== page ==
posted by alittlecloser at 2:46 PM on April 29, 2011

Dark but not depressing -- Martin Cruz Smith's Arkady Renko books are about relatively moderm post-Soviet Union collapse Russia --- Gorky Park being the most well-known. There is a lot of social/historical/cultural commentary in these dectective novels.
posted by rtimmel at 2:54 PM on April 29, 2011

The Russian Debutante's Handbook and others by Gary Shteyngart are quite funny.

I like Pushkin and don't find Gogol particularly depressing. Weird, yes. Depressing no.

I mean, Tolstoy really isn't depressing. War and Peace is pretty uplifting, all in a all.
posted by lalalana at 3:06 PM on April 29, 2011 [1 favorite]

Seconding Ilf and Petrov—not only The Twelve Chairs but the sequel, The Little Golden Calf. They're hilarious and full of Russian atmosphere. The Master and Margarita by Bulgakov is a brilliant and thrilling mix of fantasy, history, and Soviet satire; if you like it at all, you'll really love it, and it's a great immersion in Moscow. Here's Anna Shevchenko's "top 10 novels set in Moscow," mostly obvious picks but the descriptions may be useful (and I agree with lalalana that War and Peace isn't depressing). I'm afraid novels set in St. Petersburg tend for whatever reason to be pretty depressing, but if I think of a cheery one I'll let you know!
posted by languagehat at 5:03 PM on April 29, 2011 [2 favorites]

City of Thieves by David Benioff. It's set during the siege of Leningrad during WWII. Darkly comic, becomes a rousing adventure story in parts, and all in all I found it to be a really satisfying read.
posted by Carol O at 7:30 PM on April 29, 2011 [1 favorite]

Seconding Bulgakov's The Master & Margarita - IMHO one of the best & most idiosyncratically entertaining novels of all time.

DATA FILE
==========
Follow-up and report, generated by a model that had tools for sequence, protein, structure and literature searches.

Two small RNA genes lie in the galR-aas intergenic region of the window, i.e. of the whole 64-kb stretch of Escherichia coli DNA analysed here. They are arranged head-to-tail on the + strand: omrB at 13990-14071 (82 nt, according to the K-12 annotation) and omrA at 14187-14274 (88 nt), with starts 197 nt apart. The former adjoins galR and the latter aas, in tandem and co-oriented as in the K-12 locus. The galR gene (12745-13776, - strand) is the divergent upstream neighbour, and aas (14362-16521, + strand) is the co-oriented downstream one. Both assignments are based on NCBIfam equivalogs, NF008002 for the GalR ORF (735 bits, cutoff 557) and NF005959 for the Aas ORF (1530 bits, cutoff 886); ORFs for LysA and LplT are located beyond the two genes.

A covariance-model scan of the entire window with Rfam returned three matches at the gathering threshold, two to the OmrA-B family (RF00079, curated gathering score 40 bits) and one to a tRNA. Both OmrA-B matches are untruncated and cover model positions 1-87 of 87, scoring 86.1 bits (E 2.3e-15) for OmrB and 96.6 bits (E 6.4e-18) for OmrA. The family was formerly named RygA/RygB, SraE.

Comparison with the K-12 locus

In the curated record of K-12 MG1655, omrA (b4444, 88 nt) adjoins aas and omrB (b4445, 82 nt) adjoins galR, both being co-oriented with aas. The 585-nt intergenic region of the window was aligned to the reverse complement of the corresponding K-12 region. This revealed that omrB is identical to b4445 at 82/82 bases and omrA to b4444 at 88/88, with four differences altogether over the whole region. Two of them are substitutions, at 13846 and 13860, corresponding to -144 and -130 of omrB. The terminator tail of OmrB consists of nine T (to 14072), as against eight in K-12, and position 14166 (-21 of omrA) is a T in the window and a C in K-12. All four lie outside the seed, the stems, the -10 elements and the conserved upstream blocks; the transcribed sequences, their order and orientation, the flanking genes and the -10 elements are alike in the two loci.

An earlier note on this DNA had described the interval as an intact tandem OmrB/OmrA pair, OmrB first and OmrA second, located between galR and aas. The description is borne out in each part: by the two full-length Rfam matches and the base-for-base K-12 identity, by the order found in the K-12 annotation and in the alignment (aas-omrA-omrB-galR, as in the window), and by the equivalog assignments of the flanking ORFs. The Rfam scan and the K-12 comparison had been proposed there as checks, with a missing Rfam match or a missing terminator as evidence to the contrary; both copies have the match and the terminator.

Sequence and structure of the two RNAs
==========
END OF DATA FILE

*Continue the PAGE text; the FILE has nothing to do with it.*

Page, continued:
Gogol's Dead Souls is rightly a classic, too. Both of these suggestions are full of dark humour, though, so you'd have to be into that kind of thing.

Oblomov, by Goncharov, is a fun satire of an indolent nobleman doing, well, basically nothing.

Andre├» Makine is more contemporary, and specialises in a kind of rich & delicate nostalgia. Once Upon the River Love is set in Siberia if that counts, & Le Testament fran├žais is another that I really enjoyed.
posted by UbuRoivas at 1:03 AM on April 30, 2011

The Life and Extraordinary Adventures of Private Ivan Chonkin was delightful, and has a sequel.
posted by RedEmma at 7:33 AM on April 30, 2011 [2 favorites]

Oh yeah, Oblomov is wonderful!

Also, I know you asked about fiction, but there are some excellent nonfiction books about SPb that would give you good background for your trip; I particularly recommend W. Bruce Lincoln's Sunlight at Midnight: St. Petersburg and the Rise of Modern Russia (for actual history) and Solomon Volkov's St. Petersburg: A Cultural History (for juicy cultural gossip).
posted by languagehat at 11:31 AM on April 30, 2011

Response by poster: Thanks, everyone! I'm not going to mark best answers because I won't know which ones I like until I read them, but you've all given me some very promising suggestions.
posted by you're a kitty! at 5:28 PM on May 1, 2011